When the Rev. Mr. Glen Knecht first came to Union Presbyterian Church, he was a recent seminary graduate.
Later this month, the 89-year-old retired minister will return to the congregation to help members celebrate their 94th annual homecoming.
Access has become an issue for aging members of local church congregations.
"We had to go outside when we wanted to go up [to the sanctuary] or down [to the social hall]," said Merle Farmer, a member of Bethesda United Methodist Church. "That's a problem for people using walkers or in wheelchairs, especially in bad weather."
One option would have been to install an elevator in the Martic Township church.
"We considered that but the cost was just too high," Farmer said recently.
Then the congregation discovered there was another, less expensive, option.
In an earlier life, the books guided the church's congregation as members sang familiar hymns.
Now they've earned a second life as decorations for the coming Christmas season.
For the past several months, volunteers have been folding old hymnals, adding doll heads and hair, and turning the books into angels.
Mt. Eden Evangelical Lutheran Church held a blessing of the animals Saturday, October 4.
The games came first. Then organizers decided to throw in a birthday party.
That's not how most parties are planned, but it is the way organizers went about setting up Middle Octorara Presbyterian Church's first community game night.
They decided to host the event on August 7 and began to gather games and sports equipment.
Then they realized they were holding the event on the anniversary of the congregation's founding.
It took Shauna Ridge years to find her calling.
"It did not come from any one incident," she said last week. "It was a gradual call."
It was a call that saw her installed as pastor of Quarryville's United Methodist Church late last month. She started her pastorate on June 29; now she and her husband, Jamie, are settling in and getting to know the Southern End.
"The congregation has been very welcoming," she said last week.
Channeling that positive energy will be one of her first goals.
Members of Middle Octorara Presbyterian Church are collecting new and gently-used clothing for distribution next month.
"We are asking people to bring clean, useable clothing to the church [1199 Valley Rd.]," organizer Shirley Miller said recently. Donations may be dropped off in the church lobby any time.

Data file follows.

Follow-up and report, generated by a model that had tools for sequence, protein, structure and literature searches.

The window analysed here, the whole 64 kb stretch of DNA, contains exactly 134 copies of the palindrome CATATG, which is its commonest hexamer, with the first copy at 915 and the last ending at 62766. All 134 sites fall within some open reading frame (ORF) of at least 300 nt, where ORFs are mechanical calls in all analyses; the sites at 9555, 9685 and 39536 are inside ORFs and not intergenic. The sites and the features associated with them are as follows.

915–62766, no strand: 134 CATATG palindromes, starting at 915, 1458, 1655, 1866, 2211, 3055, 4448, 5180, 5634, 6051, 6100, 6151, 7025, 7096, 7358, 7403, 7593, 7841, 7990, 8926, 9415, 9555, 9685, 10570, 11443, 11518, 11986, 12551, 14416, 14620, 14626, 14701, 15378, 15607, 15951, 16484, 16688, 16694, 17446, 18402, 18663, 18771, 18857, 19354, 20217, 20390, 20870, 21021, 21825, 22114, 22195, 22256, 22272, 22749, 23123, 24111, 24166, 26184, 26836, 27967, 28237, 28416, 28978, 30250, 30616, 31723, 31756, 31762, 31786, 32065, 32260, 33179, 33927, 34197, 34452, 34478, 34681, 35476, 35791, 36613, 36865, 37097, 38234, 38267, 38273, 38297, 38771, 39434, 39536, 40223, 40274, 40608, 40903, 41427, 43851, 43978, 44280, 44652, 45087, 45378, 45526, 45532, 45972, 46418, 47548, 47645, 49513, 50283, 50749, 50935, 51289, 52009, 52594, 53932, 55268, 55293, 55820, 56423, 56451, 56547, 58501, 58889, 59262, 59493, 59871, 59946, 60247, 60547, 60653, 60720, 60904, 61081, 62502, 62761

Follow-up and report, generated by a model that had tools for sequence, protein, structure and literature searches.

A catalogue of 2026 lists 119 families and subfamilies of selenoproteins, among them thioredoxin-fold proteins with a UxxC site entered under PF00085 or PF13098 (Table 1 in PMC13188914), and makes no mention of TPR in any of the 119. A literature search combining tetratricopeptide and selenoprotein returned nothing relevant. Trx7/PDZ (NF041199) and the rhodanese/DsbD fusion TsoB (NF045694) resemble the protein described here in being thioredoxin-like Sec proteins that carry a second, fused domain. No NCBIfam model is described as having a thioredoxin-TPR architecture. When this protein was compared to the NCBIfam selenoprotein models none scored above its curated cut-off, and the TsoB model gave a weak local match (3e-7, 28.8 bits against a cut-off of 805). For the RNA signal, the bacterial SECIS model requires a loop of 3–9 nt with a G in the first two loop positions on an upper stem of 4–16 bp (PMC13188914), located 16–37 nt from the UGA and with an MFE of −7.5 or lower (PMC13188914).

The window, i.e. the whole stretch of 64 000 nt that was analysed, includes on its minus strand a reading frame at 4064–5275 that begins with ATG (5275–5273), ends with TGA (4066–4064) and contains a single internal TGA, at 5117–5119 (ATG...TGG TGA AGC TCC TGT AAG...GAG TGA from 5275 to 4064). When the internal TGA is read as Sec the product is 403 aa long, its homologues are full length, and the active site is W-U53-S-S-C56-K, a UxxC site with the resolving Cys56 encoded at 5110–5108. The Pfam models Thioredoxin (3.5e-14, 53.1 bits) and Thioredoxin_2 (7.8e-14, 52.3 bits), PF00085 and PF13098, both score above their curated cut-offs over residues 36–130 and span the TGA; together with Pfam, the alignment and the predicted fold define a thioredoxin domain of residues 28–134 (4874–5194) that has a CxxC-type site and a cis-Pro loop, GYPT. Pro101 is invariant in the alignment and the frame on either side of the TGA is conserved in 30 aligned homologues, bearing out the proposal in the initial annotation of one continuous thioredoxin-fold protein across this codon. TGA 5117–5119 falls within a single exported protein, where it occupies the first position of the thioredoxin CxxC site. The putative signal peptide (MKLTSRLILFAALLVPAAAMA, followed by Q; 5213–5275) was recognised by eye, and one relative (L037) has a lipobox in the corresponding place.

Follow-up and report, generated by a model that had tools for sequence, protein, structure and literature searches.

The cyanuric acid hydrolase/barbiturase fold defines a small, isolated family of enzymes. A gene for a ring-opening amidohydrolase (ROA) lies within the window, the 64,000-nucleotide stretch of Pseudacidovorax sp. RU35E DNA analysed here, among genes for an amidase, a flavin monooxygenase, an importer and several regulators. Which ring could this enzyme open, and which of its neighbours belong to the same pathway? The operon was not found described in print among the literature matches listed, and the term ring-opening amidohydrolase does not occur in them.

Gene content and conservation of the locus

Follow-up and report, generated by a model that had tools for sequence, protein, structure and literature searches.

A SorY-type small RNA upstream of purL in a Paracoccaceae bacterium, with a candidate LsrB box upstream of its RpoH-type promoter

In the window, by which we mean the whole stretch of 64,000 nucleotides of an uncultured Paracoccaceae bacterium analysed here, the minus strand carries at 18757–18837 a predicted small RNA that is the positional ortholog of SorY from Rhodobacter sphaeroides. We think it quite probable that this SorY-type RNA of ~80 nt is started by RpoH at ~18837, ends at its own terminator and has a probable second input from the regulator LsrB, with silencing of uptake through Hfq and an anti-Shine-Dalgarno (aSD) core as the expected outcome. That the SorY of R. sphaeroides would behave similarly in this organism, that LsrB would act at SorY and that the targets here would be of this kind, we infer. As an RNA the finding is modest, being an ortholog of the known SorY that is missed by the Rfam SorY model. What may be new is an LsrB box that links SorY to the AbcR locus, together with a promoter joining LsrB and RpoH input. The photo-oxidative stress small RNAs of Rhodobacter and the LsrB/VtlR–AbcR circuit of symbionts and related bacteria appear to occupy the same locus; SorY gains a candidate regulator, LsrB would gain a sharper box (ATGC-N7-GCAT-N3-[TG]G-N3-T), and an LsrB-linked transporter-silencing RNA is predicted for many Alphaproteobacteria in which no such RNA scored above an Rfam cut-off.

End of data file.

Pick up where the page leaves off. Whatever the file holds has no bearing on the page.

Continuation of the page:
Oak Hill Fellowship Church will install its new pastor during a special service at 9 a.m. on Sunday, July 27.
Ben Miller, a member of the congregation, will become the new pastor and teacher. He will replace the founding pastor, Nate Newell.
Pastor Newell helped plant the church six years ago and had intended to remain with the congregation. However, he has been called to become the new pastor of Harvest Bible Chapel, Kuala Lumpur. Pastor Newell will begin a four-month training period in Chicago in September.
Members of the Livingway Christian Fellowship have found a new home.
They hope it's permanent.
The congregation held its inaugural Sunday service on July 6 in the former Fellowship of the Faith Church at the corner of Maple Shade Rd. and Liberty Ln., Kirkwood.
Now its members are inviting others to join them.
"We welcome 5," said the pastor, David Cornette. "We're big on fellowship."
Krissy and Daryl Supplee will portray Mary and Joseph in the 34th annual Union Presbyterian Church Christmas pageant. Kayden Douglas Hadler will be Baby Jesus.
The pageant will be presented at the church, Street Rd. at Kirkwood Pike (Rt. 472), Kirkwood. The performances will be at 6:45 p.m. on December 14 and 15. Admission is free; refreshments will be served following each performance.
The pageant shares the celebration of Christmas as the miracle of the birth of Christ as presented in music, drama, and Biblical passages.
"Children are tremendously important to this church and to every church," said the Rev. Dr. Garfield Greene, pastor of Pleasant Grove United Methodist Church.